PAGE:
So Shadrach, Meshach and Abednego came out of the fire, and the satraps, prefects, governors and royal advisers crowded around them. They saw that the fire had not harmed their bodies, nor was a hair of their heads singed; their robes were not scorched, and there was no smell of fire on them.
Nebuchadnezzar took his seat at a safe distance from the furnace and prepared to enjoy what little satisfaction he could salvage from a day that had gone sour. At least now he would have the grim satisfaction of seeing those three Hebrews pay for their crime with their lives.
But even this satisfaction was to be denied the king. For suddenly he saw several things that brought him to his feet. The three men, who by now should have been charred beyond recognition, were still alive! The fire had not been able to do what the king had expected it would. Although their hands and feet had been tied, the king saw them walking around inside the furnace. To the king’s dismay, the three men had lost nothing in the fire but their bonds. All that the fire had been able to destroy were the ropes that hindered them. There was one more thing that bothered Nebuchadnezzar. There was a fourth person in that furnace, and the king knew he had sentenced only three to the flames.
Without being told, he knew who the fourth one was. “The fourth looks like a son of the gods.” And what the king meant by that we will learn from his explanation: “God . . . has sent his angel and rescued his servants!” (verse 28). The God whom Nebuchadnezzar had defied had overruled the king’s puny efforts and delivered his servants who preferred death to disappointing God.
With his words “Shadrach, Meshach and Abednego, servants of the Most High God, come out! Come here!” the king admitted defeat. He who had boasted that his power to destroy was greater than God’s power to rescue now called God “the Most High God.” And by calling “Come out!” he who originally ordered the men into the furnace was now compelled to reverse what he had proclaimed would be their death sentence.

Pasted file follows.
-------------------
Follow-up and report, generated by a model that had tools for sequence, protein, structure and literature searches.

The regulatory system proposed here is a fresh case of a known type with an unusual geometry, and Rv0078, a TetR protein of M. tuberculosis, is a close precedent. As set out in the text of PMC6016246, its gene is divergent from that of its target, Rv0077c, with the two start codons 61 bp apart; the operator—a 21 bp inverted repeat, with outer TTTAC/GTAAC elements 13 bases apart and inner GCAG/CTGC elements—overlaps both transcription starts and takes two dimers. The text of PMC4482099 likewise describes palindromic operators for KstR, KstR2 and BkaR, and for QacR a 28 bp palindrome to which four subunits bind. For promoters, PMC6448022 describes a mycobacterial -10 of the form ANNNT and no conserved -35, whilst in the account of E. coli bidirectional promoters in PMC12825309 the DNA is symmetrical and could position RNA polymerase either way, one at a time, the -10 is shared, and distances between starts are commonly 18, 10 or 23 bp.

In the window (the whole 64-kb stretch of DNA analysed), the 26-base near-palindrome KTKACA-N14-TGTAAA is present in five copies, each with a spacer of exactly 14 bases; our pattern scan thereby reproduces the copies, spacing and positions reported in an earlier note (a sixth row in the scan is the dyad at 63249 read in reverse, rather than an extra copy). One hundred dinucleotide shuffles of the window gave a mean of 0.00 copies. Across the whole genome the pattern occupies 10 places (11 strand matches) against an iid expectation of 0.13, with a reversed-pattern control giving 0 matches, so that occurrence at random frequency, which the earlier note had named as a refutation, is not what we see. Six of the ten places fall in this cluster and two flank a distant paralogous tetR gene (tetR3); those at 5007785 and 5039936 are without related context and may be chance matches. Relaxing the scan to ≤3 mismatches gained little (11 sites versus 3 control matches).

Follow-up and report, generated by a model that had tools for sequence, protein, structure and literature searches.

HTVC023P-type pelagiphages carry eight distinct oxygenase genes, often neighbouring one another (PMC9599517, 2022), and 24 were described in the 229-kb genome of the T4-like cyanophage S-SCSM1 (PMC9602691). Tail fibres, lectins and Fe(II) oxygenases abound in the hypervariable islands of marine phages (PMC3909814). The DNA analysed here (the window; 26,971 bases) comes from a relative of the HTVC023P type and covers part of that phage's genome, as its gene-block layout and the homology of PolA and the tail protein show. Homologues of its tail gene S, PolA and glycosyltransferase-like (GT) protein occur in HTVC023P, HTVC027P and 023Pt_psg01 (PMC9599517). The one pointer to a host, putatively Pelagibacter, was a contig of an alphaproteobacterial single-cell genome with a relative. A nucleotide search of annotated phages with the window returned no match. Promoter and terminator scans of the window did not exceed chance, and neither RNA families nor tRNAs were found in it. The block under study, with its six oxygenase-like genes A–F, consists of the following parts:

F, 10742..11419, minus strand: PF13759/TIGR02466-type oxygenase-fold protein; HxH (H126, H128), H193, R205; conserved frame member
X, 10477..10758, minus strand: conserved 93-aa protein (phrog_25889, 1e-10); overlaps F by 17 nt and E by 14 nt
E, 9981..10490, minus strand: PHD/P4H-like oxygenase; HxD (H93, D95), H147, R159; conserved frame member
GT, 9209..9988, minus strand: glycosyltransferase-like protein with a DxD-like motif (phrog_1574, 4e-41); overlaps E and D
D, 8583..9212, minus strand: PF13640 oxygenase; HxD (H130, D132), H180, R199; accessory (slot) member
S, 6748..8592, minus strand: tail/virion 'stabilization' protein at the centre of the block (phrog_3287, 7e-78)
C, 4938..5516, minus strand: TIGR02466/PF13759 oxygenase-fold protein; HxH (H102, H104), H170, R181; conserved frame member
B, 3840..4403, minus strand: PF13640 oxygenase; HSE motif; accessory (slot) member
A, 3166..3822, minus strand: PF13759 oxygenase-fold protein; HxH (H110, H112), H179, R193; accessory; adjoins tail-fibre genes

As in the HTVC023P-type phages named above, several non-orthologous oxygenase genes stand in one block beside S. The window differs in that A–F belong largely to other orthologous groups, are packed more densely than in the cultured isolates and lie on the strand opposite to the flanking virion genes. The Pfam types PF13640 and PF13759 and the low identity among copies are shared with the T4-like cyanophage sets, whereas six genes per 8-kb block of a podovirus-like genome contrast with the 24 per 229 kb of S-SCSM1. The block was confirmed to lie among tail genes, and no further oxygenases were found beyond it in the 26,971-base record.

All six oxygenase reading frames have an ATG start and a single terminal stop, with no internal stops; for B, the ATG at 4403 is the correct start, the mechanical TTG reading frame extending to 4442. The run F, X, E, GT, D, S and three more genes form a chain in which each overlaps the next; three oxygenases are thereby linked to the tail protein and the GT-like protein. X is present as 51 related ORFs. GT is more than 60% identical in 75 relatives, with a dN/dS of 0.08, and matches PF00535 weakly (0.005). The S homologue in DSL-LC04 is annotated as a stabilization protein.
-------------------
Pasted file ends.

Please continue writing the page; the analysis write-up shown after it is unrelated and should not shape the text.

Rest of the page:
And the royal officials standing by? They who only minutes earlier had collaborated with their king in his idolatry now played quite a different role. These men—responsible officials of the Babylonian government—now were eyewitnesses of the great miracle the Lord had performed. They crowded around the three men who had been in the furnace, to satisfy themselves that what they were seeing was real. Although they originally had assembled to glorify the gods of Babylon, these officials now had to recognize the power of the true God, who had delivered his children who trusted in him.
It was amazing enough that the three men were still alive, but the miracle went beyond that. The three bore no burns on hands or arms or face or legs; not a hair of their heads had been singed; their clothing was not scorched; and—perhaps most surprising of all—they didn’t even smell like smoke.
For the officials this was an amazing miracle, something they would talk about for the rest of their lives. For King Nebuchadnezzar, God’s miracle was a humbling experience—and in the presence of his subjects! But for Shadrach, Meshach, and Abednego, the whole experience was a blessing from God almost too wonderful to believe. It seemed that only moments earlier they had been unjustly sentenced to a frightful death; they had been thrown helpless into a raging inferno. Tied hand and foot, they had fallen to the floor of the furnace, ready to let the flames do their work. It would only have taken a matter of seconds for them to die in the fire, and then their souls would be with their Lord in heaven.